Asia Base Oil Price Report


The coronavirus (or Covid-19 as it is officially known) continued to take center stage in discussions about the market situation, given that the virus outbreak is not only affecting China, where it originated, but is also causing upheaval in many other countries as well, as the number of infections appeared to be multiplying.

Due to quarantine and travel restrictions in China, many manufacturing facilities have closed temporarily, or are running with reduced personnel, causing disruptions to the supply chain.

This is affecting base oil and lubricant demand from key sectors such as the automotive industry in China, as well as in other nations such as South Korea, where Hyundai has suspended operations at seven factories as they rely on parts and components from China.

Furthermore, with public transportation restrictions in place, and travel in general seeing a sharp decline, demand for lubricants has also suffered a significant drop from that segment.

Base oil plants in China were heard to have either idled operations, or are being run at reduced rates due to the slump in demand and the lack of employees in some areas. Among the plants that have been reported off line are Hainan Handi‘s API Group II plant in Hainan, Sinopec‘s Group I and II plant in Gaoqiao, Shanghai, and Panjin Northern Asphalt’s Group II and naphthenics unit in Panjin.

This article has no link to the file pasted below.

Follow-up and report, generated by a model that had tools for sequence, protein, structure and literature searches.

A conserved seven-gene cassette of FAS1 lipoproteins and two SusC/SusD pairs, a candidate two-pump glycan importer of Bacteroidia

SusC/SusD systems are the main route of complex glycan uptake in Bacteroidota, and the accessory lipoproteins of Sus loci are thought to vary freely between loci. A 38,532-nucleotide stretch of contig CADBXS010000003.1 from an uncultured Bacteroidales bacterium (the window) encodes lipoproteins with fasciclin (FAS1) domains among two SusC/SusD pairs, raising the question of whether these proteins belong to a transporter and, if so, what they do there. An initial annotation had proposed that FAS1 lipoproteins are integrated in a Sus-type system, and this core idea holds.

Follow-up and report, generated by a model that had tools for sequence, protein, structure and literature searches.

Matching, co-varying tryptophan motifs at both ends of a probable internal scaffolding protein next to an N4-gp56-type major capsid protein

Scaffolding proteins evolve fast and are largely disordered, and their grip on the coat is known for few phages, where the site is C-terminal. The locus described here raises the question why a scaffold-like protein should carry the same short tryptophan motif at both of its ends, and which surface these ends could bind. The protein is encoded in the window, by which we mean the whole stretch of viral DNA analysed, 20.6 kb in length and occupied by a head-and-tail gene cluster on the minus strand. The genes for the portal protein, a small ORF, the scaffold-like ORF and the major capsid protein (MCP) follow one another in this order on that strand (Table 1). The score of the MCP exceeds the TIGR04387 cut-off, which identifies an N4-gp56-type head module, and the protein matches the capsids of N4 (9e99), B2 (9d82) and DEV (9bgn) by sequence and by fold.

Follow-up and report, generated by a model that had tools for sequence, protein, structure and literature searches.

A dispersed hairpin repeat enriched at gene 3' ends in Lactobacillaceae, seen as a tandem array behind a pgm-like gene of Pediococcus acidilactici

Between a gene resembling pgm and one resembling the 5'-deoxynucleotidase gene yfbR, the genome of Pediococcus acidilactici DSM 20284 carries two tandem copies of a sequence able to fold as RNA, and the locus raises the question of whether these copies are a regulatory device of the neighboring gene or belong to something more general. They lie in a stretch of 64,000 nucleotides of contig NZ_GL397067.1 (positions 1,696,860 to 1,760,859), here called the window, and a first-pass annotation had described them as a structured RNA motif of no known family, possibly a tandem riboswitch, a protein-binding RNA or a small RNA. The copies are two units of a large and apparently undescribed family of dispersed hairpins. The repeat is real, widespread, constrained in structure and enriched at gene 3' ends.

Additionally, Sinopec’s Group I/II and III plant in Maoming, Kaitai Petrochemical‘s Group II plant in Zibo, and Shandong Hengrunde’s Group II unit in Shandong were heard to have slashed operating rates.

Import volumes to China have also seen a significant reduction. Regular suppliers to China such as Taiwanese, South Korean and Middle East producers have not only seen a demand reduction in their own domestic markets, but have been forced to look for alternative takers for products originally earmarked for China. This situation was heard to be causing concern among producers in other regions as cargoes were being offered at competitive levels.

Indeed, United States producer Motiva communicated a posted price decrease for North America, prompted by a decline in crude oil numbers and the need to remain competitive against offers for deep-sea material, according to sources.

It was heard that a 10,000 metric ton parcel of Group II grades of Asian origin had already been offered to U.S. receivers at an attractive price, and similar cargoes were expected to appear on the scene in the next few weeks.

Some Northeast Asian and Middle East base oil parcels have been sold to India, but Indian demand could also be affected by the spread of the coronavirus and its repercussions on industrial activity, and the country was heard to be saturated with product for the time being.

With the prospects of finding alternative homes for their products becoming more challenging, Northeast Asian producers were heard to be cutting back operating rates in order to avoid bulging inventories.

A majority of South Korean producers had already dialed back production in the last quarter of 2019 due to oversupply conditions, and spot availability was therefore thought to be limited. Sources speculated that running rates were currently much lower than suppliers were willing to admit.